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The Struggle Against The Apartheid State Of South Africa

1288 words - 5 pages

Mandela's childhood was very important in shaping him to be the man he
was. His father losing his land in 1919 would have affected Mandela's
opinion of how the country works as he grew up, and when he was 16 the
main speaker at his circumcision told that "Blacks were slaves in
their own country". He grew up with the opinion that his country
needed a better rule, because of how unfair it was to Black people.
His earliest decisions to fight for Black liberation were made here.

Another turning point was when Chief Jongintaba died in 1942. He then
stayed in Johannesburg instead of moving back to Mqhekezweni, this
showed he wanted to make an impact on the country as a whole instead
of just his tribe or area; he was beginning to see that the duty was
to his people as a whole, and ethic loyalties gave way to a common
purpose. This is where Mandela's campaign for equality for Blacks

This reason was not only important for him at the time, but it led to
Mandela's ideas about a multi-racial South Africa, directing him
towards the formation of the ANC Youth League; the Youth League being
important because it was the most active sector of the party - it had
the best chance of causing reform in South Africa.

Another turning point in Mandela's life was the formation of the MK,
or Spear of the People, when he realised that peaceful protest wasn't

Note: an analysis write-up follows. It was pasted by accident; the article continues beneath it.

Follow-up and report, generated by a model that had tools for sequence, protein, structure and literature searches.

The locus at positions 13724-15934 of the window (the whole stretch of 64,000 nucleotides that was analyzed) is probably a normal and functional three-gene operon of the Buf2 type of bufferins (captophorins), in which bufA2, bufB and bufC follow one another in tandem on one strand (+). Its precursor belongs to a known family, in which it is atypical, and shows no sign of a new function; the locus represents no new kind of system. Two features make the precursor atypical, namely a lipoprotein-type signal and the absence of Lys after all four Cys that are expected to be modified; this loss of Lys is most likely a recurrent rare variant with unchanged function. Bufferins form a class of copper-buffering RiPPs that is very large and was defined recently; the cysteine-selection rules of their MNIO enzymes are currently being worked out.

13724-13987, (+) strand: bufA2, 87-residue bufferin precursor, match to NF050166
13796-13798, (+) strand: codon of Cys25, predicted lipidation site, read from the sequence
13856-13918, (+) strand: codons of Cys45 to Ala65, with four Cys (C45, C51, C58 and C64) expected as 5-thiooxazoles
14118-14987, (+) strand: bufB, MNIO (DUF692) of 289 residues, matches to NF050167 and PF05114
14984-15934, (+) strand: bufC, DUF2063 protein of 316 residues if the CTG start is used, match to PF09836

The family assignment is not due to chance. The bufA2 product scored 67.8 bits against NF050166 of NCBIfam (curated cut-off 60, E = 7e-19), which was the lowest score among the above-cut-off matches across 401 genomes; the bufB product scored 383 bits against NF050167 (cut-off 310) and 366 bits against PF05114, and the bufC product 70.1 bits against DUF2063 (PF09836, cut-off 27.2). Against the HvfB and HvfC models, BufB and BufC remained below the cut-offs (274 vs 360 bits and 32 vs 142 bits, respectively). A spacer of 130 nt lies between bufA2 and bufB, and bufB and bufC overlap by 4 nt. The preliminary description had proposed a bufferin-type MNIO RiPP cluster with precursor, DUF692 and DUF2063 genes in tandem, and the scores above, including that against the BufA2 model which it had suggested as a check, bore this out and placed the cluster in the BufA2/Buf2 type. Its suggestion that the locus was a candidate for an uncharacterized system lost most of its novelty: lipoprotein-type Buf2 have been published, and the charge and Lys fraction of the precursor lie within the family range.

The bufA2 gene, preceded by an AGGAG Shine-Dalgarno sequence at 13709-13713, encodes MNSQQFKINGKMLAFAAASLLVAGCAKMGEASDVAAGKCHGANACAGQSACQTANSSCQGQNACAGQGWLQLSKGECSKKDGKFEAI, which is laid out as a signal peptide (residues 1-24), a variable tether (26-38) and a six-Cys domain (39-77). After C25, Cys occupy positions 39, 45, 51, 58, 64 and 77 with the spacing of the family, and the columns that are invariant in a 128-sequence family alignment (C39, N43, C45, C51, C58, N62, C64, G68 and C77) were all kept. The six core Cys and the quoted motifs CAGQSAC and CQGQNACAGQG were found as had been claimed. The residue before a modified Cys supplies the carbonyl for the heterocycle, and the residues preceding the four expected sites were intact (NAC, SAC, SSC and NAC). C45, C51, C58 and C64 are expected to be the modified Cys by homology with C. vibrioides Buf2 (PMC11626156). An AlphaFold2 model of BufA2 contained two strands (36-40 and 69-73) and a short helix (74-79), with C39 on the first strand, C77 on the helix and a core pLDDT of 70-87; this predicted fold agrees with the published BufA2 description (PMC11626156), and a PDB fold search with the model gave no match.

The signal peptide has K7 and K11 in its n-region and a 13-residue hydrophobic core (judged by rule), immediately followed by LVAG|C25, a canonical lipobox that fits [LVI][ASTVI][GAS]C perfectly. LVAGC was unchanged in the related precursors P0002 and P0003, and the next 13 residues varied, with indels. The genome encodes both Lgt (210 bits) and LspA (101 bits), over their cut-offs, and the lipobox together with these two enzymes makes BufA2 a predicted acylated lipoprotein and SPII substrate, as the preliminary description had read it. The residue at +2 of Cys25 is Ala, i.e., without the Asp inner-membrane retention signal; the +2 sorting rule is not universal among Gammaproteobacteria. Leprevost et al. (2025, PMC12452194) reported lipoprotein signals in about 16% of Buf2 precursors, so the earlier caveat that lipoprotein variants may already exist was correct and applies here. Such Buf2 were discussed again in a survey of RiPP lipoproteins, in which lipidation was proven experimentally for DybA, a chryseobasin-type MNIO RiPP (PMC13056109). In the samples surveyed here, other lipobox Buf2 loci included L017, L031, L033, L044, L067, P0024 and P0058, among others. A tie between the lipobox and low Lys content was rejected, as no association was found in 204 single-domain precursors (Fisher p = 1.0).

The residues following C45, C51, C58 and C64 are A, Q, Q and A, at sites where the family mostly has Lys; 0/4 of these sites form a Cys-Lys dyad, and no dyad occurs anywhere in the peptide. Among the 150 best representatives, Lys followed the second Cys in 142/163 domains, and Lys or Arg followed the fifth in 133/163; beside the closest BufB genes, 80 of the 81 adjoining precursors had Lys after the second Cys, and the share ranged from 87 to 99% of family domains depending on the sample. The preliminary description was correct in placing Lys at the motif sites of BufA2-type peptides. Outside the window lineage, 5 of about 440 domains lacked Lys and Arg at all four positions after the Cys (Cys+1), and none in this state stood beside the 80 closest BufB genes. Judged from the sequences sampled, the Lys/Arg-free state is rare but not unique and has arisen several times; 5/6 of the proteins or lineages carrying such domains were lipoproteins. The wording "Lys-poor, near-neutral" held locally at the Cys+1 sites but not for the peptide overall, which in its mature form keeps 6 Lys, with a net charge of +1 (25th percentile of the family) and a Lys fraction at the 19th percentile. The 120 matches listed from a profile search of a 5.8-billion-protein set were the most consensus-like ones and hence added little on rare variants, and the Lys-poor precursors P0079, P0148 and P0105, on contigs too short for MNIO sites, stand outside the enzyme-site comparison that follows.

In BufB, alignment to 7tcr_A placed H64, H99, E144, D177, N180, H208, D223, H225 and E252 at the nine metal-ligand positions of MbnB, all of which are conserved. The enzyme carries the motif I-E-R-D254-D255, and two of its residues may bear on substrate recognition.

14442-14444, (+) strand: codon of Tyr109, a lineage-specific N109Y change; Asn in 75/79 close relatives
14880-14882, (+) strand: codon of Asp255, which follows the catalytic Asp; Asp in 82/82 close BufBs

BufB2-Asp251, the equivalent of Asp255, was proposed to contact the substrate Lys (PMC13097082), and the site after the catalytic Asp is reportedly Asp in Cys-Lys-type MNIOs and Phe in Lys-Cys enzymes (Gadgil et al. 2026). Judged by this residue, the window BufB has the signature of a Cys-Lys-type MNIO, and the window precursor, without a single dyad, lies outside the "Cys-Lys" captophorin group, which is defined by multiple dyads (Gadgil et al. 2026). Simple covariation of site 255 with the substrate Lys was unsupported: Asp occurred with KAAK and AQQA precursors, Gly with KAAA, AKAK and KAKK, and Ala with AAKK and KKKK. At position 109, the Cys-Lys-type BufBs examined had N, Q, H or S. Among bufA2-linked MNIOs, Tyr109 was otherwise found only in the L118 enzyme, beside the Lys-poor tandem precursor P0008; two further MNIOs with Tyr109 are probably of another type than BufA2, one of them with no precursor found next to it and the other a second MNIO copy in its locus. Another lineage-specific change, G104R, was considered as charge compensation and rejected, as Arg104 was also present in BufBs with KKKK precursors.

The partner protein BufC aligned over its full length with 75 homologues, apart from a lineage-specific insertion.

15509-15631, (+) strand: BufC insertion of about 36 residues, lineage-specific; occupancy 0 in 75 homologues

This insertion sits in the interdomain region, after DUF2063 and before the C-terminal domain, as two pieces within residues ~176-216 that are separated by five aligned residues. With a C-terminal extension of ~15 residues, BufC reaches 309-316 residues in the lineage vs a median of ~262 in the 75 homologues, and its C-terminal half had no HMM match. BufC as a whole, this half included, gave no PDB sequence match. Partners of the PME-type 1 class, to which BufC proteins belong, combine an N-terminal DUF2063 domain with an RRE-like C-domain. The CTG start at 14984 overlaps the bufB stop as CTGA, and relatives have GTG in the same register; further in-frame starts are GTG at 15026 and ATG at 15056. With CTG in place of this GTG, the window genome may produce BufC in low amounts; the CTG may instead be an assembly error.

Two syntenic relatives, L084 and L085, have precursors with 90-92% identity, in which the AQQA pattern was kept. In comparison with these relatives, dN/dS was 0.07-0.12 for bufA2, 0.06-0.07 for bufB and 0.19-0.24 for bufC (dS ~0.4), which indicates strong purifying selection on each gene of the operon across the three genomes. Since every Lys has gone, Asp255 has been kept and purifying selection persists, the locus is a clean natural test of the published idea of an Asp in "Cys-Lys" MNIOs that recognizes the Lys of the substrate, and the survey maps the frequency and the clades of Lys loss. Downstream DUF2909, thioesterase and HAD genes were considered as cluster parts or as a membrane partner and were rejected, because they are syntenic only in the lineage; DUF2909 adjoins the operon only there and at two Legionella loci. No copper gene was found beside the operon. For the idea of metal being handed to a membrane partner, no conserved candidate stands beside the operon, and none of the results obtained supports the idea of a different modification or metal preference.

going to work (after seeing the Sharpeville and Langa massacres). It
was from this that he was sentenced to jail in 1964, important because
he achieved the world stage that would make him a symbol of unity for
the worldwide anti-apartheid movement.

Mandela's release in 1990 was the most important turning point in his
life because it allowed him to unite the, now permitted, ANC factions.
Unity these factions meant that the party could operate more
effectively, as was proved when in 1994 Mandela became the first
democratically elected president of South Africa.

Q2. Explain the part played by external pressure in the fight against
apartheid and minority rule in South Africa.

From 1960 onwards, when Harold Macmillan made his "change of winds"
speech, the world started to place external pressures on South Africa,
and this was one of the main causes of the end of apartheid. Economic
sanctions and sporting isolation were the two main subdivisions of
external pressure.

Sporting isolation made South Africa realise that the minority rule
and the apartheid regime was greatly frowned upon by the rest of the
world, and caused many Afrikaners to change their attitude to the way
the country was being run; this was because they didn't want to be
excluded from the rest of the world's competitions and tournaments
solely for their governments issues; it made the Afrikaners feel
guilty for the regime ruling South Africa. This attitude would

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